From "The Tell-Tale Heart," how would I write a police report about the discovery from the perspective of the policeman on the scene?
To write a fictional police report about discovering the murder in "The Tell-Tale Heart," you should focus on the diction and style of a police report given in the U.S. in the 1840s. This might be difficult, as many of these records have been destroyed and others are not available to the public. However, you can mimic this style by looking at the general writing style of the time, artificially making it "less educated" (as police officers were not typically well-versed in grammar and spelling), and using a specifically formal mode of address, focusing on descriptions and details rather than flowery prose.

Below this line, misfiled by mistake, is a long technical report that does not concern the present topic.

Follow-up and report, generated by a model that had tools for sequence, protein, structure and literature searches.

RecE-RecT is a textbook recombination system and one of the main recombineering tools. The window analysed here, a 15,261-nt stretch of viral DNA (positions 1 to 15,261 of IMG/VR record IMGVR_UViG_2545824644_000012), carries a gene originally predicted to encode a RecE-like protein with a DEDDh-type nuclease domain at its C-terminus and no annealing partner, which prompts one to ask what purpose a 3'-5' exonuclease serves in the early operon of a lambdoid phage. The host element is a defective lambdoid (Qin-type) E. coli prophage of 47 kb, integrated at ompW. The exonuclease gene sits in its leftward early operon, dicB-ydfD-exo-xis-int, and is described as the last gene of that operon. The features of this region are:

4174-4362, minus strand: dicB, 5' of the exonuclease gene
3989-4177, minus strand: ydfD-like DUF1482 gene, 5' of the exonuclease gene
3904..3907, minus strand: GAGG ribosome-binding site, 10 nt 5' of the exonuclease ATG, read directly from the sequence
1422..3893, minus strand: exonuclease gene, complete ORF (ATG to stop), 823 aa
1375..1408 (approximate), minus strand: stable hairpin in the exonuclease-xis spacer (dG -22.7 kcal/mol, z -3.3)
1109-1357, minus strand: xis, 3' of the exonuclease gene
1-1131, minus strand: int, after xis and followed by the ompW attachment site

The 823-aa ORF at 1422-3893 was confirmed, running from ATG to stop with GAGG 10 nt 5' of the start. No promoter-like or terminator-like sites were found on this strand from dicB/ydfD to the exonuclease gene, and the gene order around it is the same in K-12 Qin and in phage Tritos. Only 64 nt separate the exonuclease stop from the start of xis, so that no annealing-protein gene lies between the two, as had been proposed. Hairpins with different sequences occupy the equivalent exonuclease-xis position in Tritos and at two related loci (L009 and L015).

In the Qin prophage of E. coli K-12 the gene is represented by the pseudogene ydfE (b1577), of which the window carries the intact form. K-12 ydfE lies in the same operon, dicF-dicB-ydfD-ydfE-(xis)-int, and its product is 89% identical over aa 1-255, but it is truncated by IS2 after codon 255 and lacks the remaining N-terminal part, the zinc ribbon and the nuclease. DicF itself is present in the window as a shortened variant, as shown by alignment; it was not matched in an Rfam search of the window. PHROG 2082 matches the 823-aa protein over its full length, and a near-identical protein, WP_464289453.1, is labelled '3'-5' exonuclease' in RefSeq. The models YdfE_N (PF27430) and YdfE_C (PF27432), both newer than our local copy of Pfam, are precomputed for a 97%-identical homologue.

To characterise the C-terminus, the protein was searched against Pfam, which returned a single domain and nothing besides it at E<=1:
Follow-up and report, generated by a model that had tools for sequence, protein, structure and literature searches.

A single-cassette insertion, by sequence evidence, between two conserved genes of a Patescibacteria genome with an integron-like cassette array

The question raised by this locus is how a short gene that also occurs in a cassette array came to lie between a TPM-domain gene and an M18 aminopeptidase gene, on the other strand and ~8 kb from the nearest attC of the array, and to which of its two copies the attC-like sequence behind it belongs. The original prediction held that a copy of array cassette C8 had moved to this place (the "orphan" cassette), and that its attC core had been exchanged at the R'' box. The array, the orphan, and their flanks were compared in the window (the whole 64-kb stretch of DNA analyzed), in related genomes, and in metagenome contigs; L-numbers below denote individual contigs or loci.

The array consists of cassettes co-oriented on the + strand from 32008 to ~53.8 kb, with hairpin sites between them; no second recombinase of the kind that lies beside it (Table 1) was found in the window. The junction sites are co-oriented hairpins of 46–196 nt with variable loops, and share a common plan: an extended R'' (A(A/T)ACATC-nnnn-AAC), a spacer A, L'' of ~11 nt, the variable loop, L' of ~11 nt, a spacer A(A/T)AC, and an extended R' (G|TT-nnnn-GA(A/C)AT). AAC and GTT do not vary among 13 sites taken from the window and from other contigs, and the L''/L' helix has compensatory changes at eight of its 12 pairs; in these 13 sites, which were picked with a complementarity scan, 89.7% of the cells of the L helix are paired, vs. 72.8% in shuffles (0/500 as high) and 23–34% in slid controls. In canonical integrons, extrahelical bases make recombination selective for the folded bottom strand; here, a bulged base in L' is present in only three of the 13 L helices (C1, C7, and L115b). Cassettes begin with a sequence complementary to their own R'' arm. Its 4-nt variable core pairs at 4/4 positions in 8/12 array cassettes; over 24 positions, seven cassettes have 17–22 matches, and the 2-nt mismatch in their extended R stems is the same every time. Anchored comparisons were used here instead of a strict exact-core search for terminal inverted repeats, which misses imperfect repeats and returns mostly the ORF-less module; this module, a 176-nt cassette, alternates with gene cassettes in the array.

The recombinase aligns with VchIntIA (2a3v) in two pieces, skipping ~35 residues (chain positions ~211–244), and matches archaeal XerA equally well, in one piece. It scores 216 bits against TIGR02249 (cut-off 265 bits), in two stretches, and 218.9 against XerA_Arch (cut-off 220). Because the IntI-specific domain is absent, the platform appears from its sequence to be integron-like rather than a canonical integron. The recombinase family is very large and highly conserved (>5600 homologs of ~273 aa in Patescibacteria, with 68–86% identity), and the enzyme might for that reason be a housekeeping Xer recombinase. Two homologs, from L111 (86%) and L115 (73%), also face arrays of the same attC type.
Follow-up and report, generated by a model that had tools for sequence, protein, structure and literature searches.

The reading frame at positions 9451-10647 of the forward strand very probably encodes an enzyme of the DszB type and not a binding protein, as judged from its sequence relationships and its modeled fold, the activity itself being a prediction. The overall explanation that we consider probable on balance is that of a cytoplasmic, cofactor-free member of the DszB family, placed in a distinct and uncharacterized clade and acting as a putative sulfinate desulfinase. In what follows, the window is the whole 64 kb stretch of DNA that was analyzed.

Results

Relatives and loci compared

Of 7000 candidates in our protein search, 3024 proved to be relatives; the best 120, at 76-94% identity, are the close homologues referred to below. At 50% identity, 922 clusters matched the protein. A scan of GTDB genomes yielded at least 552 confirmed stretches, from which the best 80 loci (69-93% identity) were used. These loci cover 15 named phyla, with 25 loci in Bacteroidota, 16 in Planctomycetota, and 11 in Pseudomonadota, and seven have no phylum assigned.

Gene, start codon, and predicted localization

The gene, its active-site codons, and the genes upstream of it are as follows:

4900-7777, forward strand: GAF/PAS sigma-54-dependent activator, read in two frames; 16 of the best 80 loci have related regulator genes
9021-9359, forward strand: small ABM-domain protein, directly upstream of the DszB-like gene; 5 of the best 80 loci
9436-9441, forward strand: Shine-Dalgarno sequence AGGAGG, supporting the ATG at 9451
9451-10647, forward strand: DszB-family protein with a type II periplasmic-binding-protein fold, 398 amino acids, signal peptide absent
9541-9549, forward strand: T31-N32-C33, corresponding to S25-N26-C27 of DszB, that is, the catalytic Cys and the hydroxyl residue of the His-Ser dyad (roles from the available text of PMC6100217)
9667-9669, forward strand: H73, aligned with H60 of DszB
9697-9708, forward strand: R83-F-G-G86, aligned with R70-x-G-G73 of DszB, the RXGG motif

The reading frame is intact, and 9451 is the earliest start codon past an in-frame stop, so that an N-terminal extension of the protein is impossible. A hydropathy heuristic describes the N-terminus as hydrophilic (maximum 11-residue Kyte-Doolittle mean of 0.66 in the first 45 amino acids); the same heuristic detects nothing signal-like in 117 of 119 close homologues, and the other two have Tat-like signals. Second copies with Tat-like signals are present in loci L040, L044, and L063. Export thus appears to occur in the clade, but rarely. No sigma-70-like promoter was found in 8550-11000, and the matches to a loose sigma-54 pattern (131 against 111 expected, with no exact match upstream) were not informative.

I foamed --I raved --I swore! I swung the chair upon which I had been sitting, and grated it upon the boards, but the noise arose over all and continually increased. It grew louder --louder --louder! And still the men chatted pleasantly, and smiled.
(Poe, "The Tell-Tale Heart," xroads.virginia.edu)
The above-scene would be good to focus on, as it is the part of the visit where the police become aware that something is wrong. With the initial report of a shout dealt with, the police remained to chat with the narrator, who must seem manic and over-confident. As his mental state degrades, the police will -- having instincts about criminal behavior -- decided to remain on the premises to see what will happen. The report would culminate with the discovery of the body and the narrator's arrest; it should be mentioned that details should be flat and expressionless, not over-emotional.